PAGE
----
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Jason M. Samonds, John D. Allison, Heather A. Brown, A. B. Bonds; Spike train analysis reveals cooperation between Area 17 neuron pairs that enhances fine discrimination of orientation. Journal of Vision 2002;2(7):196. doi: https://doi.org/10.1167/2.7.196.
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© ARVO (1962-2015); The Authors (2016-present)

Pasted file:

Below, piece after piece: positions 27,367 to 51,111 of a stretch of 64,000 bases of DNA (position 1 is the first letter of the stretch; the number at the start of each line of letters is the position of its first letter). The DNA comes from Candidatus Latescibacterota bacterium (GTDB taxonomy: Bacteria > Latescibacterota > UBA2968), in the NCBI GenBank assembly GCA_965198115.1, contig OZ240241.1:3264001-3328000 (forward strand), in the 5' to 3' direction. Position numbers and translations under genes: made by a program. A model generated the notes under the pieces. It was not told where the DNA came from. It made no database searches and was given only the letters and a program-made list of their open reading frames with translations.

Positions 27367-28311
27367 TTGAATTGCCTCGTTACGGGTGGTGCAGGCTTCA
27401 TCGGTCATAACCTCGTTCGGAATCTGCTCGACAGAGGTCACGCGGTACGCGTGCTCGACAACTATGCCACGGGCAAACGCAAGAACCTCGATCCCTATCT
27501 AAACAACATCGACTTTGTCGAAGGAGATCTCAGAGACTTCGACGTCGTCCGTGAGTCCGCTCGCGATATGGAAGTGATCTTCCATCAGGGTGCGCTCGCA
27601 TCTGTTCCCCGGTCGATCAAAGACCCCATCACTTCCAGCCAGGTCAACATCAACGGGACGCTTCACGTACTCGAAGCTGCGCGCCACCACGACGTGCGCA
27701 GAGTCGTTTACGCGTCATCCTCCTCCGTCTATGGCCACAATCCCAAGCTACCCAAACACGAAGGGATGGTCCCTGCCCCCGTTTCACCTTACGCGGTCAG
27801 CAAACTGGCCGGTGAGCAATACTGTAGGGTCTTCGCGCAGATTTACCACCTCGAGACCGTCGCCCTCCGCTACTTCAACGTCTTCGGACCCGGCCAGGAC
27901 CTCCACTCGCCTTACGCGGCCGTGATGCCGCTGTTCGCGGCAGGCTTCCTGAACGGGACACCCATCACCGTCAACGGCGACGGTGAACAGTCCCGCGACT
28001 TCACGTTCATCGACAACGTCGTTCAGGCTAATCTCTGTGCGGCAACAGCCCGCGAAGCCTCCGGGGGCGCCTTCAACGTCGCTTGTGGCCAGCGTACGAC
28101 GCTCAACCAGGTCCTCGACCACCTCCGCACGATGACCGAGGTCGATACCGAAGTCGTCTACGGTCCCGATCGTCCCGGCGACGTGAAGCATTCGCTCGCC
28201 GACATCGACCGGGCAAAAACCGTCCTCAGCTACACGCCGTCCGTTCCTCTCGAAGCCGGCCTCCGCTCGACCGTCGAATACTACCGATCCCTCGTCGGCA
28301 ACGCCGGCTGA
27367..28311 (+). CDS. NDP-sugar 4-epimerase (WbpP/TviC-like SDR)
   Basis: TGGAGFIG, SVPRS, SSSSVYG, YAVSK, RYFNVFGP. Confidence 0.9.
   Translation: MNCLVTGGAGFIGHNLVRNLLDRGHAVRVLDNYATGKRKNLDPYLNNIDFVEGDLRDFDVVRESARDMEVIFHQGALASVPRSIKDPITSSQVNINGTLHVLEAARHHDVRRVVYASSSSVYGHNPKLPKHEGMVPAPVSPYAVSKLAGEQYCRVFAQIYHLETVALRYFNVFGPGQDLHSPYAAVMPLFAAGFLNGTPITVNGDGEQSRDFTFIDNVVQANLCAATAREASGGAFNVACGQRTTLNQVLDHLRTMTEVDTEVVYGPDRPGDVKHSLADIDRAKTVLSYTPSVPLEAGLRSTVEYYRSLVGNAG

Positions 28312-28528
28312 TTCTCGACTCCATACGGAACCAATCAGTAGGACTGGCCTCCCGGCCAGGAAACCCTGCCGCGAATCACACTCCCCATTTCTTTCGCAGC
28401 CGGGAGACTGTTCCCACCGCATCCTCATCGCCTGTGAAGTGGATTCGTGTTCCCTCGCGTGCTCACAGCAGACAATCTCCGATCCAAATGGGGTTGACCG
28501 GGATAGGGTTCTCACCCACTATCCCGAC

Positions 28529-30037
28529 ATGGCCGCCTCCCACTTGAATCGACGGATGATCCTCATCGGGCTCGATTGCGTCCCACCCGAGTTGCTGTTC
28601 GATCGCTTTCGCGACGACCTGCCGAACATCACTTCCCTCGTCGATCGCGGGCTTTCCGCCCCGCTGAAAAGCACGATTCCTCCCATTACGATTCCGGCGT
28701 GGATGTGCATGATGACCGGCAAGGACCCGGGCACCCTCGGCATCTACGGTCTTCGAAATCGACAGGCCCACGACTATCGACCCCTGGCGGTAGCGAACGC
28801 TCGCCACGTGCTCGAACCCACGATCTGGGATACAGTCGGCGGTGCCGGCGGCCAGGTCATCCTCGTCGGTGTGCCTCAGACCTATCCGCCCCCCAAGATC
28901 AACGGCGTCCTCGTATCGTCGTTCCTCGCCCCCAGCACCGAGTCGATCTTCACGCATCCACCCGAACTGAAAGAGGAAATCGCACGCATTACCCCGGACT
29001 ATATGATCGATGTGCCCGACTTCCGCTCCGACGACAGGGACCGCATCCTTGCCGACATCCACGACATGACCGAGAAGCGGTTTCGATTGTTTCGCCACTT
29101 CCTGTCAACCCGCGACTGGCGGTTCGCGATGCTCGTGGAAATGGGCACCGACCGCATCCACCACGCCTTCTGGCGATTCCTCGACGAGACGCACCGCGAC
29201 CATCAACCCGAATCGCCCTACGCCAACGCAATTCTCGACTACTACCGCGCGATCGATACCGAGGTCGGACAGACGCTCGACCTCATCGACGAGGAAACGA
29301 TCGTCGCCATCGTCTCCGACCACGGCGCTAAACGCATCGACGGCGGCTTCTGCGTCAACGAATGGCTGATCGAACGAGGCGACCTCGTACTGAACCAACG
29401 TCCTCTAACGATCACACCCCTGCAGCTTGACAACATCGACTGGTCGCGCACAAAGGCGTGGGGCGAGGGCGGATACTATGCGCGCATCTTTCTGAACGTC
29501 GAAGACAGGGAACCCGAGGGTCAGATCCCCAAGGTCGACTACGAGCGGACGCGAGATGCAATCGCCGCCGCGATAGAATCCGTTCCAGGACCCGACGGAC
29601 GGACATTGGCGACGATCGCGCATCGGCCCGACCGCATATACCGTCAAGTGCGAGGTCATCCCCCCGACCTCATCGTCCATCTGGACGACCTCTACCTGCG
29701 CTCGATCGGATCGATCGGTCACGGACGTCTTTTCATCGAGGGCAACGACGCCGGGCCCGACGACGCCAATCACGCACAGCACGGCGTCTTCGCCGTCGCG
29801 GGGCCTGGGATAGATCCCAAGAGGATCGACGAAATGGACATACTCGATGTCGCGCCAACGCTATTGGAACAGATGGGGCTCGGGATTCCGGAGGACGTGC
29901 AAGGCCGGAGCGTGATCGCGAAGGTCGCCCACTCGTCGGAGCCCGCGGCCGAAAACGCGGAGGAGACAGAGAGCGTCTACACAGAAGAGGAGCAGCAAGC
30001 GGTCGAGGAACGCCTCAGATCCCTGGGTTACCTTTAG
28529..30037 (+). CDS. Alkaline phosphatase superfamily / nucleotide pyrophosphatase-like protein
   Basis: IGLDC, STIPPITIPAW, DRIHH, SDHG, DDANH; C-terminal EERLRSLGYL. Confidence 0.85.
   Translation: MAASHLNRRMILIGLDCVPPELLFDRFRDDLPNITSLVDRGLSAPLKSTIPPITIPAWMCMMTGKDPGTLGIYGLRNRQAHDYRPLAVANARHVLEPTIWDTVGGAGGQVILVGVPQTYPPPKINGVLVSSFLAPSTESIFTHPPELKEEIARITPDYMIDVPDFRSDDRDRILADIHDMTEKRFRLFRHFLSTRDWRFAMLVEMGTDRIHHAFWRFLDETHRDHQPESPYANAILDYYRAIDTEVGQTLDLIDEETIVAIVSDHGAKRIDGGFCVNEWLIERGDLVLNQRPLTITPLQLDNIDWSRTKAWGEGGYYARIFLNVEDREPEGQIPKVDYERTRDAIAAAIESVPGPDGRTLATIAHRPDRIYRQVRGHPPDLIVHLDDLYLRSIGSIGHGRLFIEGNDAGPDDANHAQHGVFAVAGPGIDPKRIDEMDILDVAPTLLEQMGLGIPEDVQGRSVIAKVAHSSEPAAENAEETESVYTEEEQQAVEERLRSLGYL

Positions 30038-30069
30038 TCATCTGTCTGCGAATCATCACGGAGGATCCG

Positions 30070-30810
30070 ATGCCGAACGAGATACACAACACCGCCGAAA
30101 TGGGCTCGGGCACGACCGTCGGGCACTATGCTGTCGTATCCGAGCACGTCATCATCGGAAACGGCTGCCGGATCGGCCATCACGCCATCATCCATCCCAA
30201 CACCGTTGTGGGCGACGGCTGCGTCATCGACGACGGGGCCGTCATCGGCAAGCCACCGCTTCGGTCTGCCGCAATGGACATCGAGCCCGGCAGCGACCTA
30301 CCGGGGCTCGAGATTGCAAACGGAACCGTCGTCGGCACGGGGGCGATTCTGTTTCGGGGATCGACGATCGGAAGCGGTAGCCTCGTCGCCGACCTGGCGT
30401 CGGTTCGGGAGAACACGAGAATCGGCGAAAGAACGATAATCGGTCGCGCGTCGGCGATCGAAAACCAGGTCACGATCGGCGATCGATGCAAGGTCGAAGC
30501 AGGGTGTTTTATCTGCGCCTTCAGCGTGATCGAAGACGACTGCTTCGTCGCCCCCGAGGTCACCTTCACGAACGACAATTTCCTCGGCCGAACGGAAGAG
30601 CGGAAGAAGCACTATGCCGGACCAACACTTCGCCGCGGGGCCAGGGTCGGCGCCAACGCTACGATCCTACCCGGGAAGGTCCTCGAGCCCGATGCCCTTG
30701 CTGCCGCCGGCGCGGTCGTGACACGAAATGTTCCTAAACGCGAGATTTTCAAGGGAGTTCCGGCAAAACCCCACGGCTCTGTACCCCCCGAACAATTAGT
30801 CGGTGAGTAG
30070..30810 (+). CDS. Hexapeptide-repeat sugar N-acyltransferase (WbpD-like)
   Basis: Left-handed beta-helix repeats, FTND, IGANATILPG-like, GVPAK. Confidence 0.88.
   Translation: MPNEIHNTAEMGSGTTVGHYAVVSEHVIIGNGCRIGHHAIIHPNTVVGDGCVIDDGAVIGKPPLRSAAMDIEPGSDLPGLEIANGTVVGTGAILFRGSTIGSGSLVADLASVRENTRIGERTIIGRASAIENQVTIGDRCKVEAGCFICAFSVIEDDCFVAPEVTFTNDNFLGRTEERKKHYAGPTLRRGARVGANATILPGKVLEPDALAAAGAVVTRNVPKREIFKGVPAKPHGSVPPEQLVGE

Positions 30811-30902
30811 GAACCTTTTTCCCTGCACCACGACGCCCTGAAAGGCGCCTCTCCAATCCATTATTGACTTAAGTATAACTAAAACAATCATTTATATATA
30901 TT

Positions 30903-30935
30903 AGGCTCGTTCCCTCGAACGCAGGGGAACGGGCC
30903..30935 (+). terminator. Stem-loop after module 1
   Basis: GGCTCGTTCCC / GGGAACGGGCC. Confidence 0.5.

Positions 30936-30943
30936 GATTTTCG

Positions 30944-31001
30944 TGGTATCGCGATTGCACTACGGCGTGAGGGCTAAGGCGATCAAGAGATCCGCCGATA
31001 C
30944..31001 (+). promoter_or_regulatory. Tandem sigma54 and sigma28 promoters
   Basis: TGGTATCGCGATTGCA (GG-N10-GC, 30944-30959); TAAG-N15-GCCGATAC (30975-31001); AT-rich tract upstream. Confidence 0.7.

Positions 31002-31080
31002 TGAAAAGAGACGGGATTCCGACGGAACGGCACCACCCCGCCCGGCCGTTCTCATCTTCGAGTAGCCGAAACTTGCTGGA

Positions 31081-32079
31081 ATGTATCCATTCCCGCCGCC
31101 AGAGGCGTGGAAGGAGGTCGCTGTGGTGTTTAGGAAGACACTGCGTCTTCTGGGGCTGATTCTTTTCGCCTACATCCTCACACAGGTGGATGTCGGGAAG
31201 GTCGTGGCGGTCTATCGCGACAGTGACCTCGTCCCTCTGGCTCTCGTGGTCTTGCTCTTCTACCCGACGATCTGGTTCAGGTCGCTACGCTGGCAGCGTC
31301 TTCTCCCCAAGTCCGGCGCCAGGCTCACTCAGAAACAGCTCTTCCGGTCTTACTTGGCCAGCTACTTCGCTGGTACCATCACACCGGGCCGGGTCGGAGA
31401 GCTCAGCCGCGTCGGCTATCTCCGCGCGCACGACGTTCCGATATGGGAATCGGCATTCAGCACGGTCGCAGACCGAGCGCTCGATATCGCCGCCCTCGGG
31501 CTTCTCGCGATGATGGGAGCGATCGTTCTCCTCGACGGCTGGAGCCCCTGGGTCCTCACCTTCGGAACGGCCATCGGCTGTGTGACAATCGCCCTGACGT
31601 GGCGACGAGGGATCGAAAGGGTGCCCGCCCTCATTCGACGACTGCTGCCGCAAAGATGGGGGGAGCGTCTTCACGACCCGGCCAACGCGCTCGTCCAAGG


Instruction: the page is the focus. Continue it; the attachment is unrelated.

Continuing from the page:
We examined 22 pairs of neurons in Area 17 of cats that were paralyzed and anesthetized with Propofol and N2O. We studied changes in ensemble responses for small (<10deg, 0.1c/deg) and large (>10deg, 0.1c/deg) differences in orientation (OR) and spatial frequency (SF). Examination of temporal resolution and discharge history revealed advantages in discrimination from both dependent (connectivity) and independent (bursting) interspike interval properties. For 12 pairs with at least moderate connectivity and enough data (>200 stimulus repetitions), we found the average synergy (information greater than that summed from the individual neurons) was 50% for fine discrimination of OR and 20% for SF; and <10% for gross discrimination of both OR and SF. Dependency (Kullback-Leibler “distance” between the actual responses and two wholly independent responses) was measured between pairs of neurons while varying OR (10 pairs), SF (10 pairs) and contrast (9 pairs). In general, dependency was more selective to spatial parameters than was firing rate. Variation of dependence against SF corresponded to variation of burst rate, and was even narrower than burst rate tuning for OR (suggesting that burst length also influences dependency). Since there is no differential modulation of burst rate and average firing rate with contrast, dependency strength matched average firing rate. However, we found a gradual decline (adaptation) of dependency over time that is faster for lower contrasts which is likely a result of the decrease in isolated (non-burst) spikes. The results suggest that salient information is more strongly represented in bursts, but that isolated spikes also have a role in transferring this information between neurons. The dramatic influence of burst length modulation on both synaptic efficacy and dependency around the peak OR (where firing rate remains relatively constant) leads to significant cooperation that improves discrimination in this region.
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